Originally published on February 20, 2014.

Cure SMA is proud to announce our new basic research funding for 2014. We are leading the way to a world without SMA by advancing a comprehensive research program, of which basic research is a key component.

Basic research helps us understand what causes SMA, by revealing new and better ways of making drugs. There are currently five SMA drugs being tested in clinical trials, advances that would not be possible without the important discoveries made in basic research.

Many important questions in SMA basic research remain unanswered today. The current round of new research awards from Cure SMA will help answer some of these, including:

What function does SMN protein perform in motor neurons?
Dr. Han from the University of Colorado will investigate what controls the correct distribution of SMN protein into motor neurons, providing a greater understanding of SMN function.

What tissues are affected by reduced SMN protein?
The grants to Dr. Ko at the University of Southern California, to Dr. Ebert at the Medical College of Wisconsin, and to Dr. Burnett will help determine the exact cells that influence SMA disease pathology.

Are there SMA drug targets, in addition to SMN itself?
The funding to Dr. Murray of the University of Edinburgh will explore the molecular pathways controlling degeneration in SMA motor neurons to identify possible new drug targets in these pathways.  Dr. Kothary from the Ottawa Hospital Research Institute will investigate non-SMN mediated mechanisms that provide therapeutic benefit in mouse models of SMA.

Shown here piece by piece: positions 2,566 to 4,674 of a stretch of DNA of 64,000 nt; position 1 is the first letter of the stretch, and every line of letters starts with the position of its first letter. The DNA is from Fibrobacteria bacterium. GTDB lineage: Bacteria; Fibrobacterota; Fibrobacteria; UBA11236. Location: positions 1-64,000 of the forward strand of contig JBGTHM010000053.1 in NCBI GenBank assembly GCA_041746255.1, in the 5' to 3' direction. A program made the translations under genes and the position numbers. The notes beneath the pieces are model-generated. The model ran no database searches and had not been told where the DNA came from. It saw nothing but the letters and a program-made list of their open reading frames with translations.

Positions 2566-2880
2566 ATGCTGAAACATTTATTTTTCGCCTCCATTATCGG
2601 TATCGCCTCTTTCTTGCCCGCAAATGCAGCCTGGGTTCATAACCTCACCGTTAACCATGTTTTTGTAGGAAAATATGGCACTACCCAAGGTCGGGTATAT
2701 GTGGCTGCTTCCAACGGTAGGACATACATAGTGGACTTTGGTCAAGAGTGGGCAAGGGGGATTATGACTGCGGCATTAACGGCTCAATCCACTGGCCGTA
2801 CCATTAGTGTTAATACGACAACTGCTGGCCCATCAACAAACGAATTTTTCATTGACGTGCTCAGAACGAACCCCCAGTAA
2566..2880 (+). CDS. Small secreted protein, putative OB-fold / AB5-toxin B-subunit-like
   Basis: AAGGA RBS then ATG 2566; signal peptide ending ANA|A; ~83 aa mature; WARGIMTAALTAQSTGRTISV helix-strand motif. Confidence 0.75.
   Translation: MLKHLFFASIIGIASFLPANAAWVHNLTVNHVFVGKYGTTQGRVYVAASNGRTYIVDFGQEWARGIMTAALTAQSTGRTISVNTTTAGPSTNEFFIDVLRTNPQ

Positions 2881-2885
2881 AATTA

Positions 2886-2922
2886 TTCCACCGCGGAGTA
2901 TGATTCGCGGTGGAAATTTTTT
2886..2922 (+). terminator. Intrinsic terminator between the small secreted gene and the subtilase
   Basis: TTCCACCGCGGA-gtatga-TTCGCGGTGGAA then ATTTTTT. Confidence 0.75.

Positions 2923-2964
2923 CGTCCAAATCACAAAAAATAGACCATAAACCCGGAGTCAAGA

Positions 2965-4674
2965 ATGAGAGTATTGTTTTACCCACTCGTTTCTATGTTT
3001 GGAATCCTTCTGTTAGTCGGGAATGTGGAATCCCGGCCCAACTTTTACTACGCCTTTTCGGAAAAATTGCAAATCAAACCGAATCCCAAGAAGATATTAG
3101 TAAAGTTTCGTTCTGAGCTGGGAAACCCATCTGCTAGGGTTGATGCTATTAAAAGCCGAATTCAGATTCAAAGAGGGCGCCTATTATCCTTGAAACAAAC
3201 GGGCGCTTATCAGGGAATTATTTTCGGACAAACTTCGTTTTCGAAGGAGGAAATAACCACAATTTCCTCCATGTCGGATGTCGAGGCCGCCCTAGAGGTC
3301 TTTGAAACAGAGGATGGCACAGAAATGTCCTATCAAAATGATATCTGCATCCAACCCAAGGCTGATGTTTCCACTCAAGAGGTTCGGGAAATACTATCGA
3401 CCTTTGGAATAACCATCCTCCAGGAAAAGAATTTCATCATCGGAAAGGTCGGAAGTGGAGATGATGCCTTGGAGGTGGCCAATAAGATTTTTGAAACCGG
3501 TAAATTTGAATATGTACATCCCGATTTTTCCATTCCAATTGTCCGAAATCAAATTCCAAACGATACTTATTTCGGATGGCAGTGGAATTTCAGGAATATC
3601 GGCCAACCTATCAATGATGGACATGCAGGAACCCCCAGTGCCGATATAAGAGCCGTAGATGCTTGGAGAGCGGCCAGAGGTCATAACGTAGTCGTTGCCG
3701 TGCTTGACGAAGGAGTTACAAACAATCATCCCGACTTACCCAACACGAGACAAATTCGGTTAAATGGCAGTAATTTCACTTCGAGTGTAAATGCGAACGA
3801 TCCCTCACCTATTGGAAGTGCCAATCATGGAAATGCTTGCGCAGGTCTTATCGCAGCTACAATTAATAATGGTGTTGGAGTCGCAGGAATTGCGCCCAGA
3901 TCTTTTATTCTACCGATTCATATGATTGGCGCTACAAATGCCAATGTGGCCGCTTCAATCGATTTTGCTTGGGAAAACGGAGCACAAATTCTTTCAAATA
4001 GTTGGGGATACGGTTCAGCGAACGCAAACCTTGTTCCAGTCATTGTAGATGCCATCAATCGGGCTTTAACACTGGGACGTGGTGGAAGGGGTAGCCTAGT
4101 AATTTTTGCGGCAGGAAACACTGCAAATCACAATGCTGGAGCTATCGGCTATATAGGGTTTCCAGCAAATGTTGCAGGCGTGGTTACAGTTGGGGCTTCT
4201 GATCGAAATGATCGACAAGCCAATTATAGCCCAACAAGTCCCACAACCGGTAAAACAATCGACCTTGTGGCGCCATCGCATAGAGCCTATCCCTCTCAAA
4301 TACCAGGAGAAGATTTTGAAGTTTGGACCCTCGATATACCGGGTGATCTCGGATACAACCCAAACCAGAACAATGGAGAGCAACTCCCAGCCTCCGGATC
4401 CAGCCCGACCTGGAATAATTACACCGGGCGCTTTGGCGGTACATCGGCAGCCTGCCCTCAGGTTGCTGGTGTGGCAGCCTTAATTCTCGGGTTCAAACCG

What are the best measures in animal models of SMA to predict human drug responsiveness?
Drs. Lutz and Bogdanik from Jackson Laboratory will lead a multi-center team investigating electrophysiological endpoints, which are currently used in patients, in drug testing in mice.

Cure SMA Funding Strategy:

Cure SMA invests in four areas of research: Basic Research, Drug Discovery, Clinical Research, and Care Research. Cure SMA has invested over $55 Million in SMA research since our inception in 1984, with $35 Million in funding in the past decade alone.

In Basic Research, Cure SMA has awarded 79 basic research grants to 53 different principal investigators at 38 different institutions for almost $10 Million in funding in the past decade. Cure SMA basic research funding has contributed to many critical SMA breakthroughs, including:

•    Mapping and cloning of the SMA gene, SMN1
•    Identification of roles of SMN protein in the cell
•    Discovery of the back-up SMA gene, called SMN2
•    Development of animal models for SMA
•    Identification of the nucleic acid sequence used in the ISIS ASO drug